David Lynch on 'Twin Peaks' Revival: 'The Woods Are Full of Mystery'

More than 25 years after original series ended, the filmmaker explains why revisiting Laura Palmer's mystery was easy as pie

David Lynch discusses the return of 'Twin Peaks,' the art of keeping a mystery sacred and why 'Mulholland Drive" is not a horror movie. Credit: Nathanael Turner/Redux

The season premiere of Twin Peaks is days away, and there is hardly any information about its episodes available. The synopsis for the first two episodes quizzically reads, "The stars turn and a time presents itself." Naturally, this is exactly what filmmaker David Lynch wants.

"These days, movie trailers practically tell the whole story," he says in his nasal, matter-of-fact, plainspoken manner. "I think it's really harmful. For me, personally, I don't want to know anything when I go into a theater. I like to discover it, get into that world, try to get as good of picture and sound as possible, no interruptions – so you can have an experience. And anything that putrefies that is not good."

This outlook also explains Lynch's general attitude toward mystery, the driving force behind Twin Peaks since its pilot. The original series focused on the investigation into the murder of homecoming queen Laura Palmer, the secrets that possess the denizens of her Pacific Northwestern hometown and a shadow world where supernatural spirits cross over into reality. Every episode seemed to end with a question mark. And as it went on, the show's storyline became more and more complex ("Life is very, very complicated, and so films should be allowed to be, too," Lynch once said) but the increasingly confusing plot drove away viewers. When the show was canceled after its second season, it ended on a cliffhanger.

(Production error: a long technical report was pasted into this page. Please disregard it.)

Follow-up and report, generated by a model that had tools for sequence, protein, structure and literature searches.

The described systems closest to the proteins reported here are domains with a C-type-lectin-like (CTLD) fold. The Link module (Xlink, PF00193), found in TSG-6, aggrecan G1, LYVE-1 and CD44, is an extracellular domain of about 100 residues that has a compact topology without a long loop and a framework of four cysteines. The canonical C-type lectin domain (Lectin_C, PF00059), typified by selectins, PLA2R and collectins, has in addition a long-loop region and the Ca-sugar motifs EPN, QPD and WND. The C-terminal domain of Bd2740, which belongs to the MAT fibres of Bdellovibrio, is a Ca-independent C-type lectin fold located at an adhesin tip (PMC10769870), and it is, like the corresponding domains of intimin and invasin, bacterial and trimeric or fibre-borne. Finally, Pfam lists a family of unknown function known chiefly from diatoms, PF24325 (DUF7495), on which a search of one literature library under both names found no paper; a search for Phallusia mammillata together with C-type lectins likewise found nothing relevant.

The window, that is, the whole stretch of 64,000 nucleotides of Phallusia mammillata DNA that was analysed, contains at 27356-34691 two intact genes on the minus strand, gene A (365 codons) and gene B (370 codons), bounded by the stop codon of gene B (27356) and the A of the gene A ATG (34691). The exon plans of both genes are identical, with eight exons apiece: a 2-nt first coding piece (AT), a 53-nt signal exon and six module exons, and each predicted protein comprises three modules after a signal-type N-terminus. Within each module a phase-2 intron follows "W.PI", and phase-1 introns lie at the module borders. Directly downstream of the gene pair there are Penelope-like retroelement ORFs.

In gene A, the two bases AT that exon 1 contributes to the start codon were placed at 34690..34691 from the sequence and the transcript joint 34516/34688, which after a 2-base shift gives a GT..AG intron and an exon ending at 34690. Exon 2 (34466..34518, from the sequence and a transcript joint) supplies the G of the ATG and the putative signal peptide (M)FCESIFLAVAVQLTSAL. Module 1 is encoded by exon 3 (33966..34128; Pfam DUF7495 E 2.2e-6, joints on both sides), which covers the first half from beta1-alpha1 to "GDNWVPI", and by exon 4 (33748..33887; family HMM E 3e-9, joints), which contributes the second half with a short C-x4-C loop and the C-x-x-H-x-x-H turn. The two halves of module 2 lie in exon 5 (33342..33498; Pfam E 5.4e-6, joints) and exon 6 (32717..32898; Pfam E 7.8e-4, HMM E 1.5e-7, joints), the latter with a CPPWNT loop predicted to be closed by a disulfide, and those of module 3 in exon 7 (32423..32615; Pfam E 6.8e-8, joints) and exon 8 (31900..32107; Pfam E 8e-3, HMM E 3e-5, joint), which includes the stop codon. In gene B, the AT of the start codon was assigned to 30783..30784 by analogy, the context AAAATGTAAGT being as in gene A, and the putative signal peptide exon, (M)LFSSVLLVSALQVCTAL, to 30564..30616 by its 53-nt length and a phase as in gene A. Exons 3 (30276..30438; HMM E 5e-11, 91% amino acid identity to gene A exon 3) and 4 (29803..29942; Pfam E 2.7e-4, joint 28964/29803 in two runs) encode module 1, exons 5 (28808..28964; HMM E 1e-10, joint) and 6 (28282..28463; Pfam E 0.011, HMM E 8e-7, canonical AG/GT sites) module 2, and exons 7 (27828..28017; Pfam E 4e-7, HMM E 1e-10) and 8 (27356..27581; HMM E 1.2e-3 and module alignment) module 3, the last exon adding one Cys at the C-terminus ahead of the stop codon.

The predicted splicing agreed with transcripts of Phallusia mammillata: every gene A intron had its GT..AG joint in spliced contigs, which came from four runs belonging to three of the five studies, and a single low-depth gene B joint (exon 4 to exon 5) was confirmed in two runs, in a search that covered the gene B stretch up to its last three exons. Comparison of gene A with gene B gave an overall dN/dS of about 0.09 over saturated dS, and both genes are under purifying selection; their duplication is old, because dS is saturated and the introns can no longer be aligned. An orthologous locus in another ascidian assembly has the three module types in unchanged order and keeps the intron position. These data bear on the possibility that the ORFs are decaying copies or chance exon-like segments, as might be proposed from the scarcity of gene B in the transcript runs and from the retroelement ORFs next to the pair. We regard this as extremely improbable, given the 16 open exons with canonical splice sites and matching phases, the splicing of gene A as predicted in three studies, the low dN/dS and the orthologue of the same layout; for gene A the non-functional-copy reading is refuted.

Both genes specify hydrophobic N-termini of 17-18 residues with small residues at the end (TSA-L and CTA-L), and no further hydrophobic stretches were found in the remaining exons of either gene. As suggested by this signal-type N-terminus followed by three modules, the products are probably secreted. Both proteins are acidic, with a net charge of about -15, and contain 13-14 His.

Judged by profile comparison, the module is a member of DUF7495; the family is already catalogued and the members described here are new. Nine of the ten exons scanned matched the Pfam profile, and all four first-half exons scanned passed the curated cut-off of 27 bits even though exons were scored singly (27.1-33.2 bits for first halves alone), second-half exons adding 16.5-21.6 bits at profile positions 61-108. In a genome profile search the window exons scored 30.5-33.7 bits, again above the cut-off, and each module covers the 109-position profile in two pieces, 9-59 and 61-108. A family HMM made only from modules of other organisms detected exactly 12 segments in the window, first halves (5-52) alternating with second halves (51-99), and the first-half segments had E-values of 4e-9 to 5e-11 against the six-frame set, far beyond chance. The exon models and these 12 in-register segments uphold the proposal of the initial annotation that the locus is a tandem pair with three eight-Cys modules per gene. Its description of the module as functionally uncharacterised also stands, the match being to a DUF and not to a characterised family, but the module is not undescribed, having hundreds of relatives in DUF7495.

One scene in the final episode showed murder victim Palmer in the show's Black Lodge netherworld, snapping her fingers and telling Kyle MacLachlan's FBI agent character, "I'll see you again in 25 years." It was this sentence, and the occasion of the episode's silver anniversary, that prompted Lynch to team again with co-creator Mark Frost to write 18 new episodes of the series that pick up a quarter of a century after the events of the first two seasons.

All that Lynch & Co. have revealed about the Twin Peaks revival, which premieres Sunday on Showtime, are a few details about the cast and the fact that the filmmaker directed every episode. MacLachlan will reprise his role as Agent Dale Cooper; Sherilyn Fenn, Sheryl Lee and even Lynch (who played the hearing-impaired FBI agent Gordon Cole) are back as well. Additionally, Laura Dern, Jennifer Jason Leigh, Trent Reznor and Eddie Vedder, among others, are joining the cast. Other than a few purposely mysterious teasers, the full scope of Lynch and Frost's mystery remains intact for now.

In a brief yet wide-ranging chat with Rolling Stone, Lynch recently explained why he brought back the series while simultaneously keeping its secrets.

What should viewers know going into the new season?
Absolutely nothing.

You told Variety that the film Twin Peaks: Fire Walk With Me was very important to understanding the new run.
I said it's important. But even so, I think that someone who's never seen Twin Peaks would be able to go along.

So it's a whole new thing?
I didn't say that. I said they'd be able to go along.

How did you get back into the Twin Peaks mindset?
[Co-creator Mark Frost and I] both know the world, so it's sort of like going back to a place where you grew up. You know your way around even though things are a little different. Memories come back and ideas come like that.

Did you watch the original seasons again?
No.

Why not?
This is ... You know, I can't answer that. Sorry [laughs].

What did you go off of then if you didn't watch those again?
Well, for me anyways, the pilot was the most Twin Peaks, and then other things came along that became Twin Peaks as well. It's a particular ... We all see it from our own point of view.

How did you know you had an idea strong enough to bring back to TV?
I didn't really know. I just had fragments and we got together and more and more ideas started coming. One day, there it was.

How was it working with everyone again?
So beautiful. It was like a family reunion every day.

Did it click right away with the cast?
It was kind of remarkable. The people that had been in the original knew their characters. They loved the world and got right back on the bike and went. And the new people ... everybody was super. It was a great ride.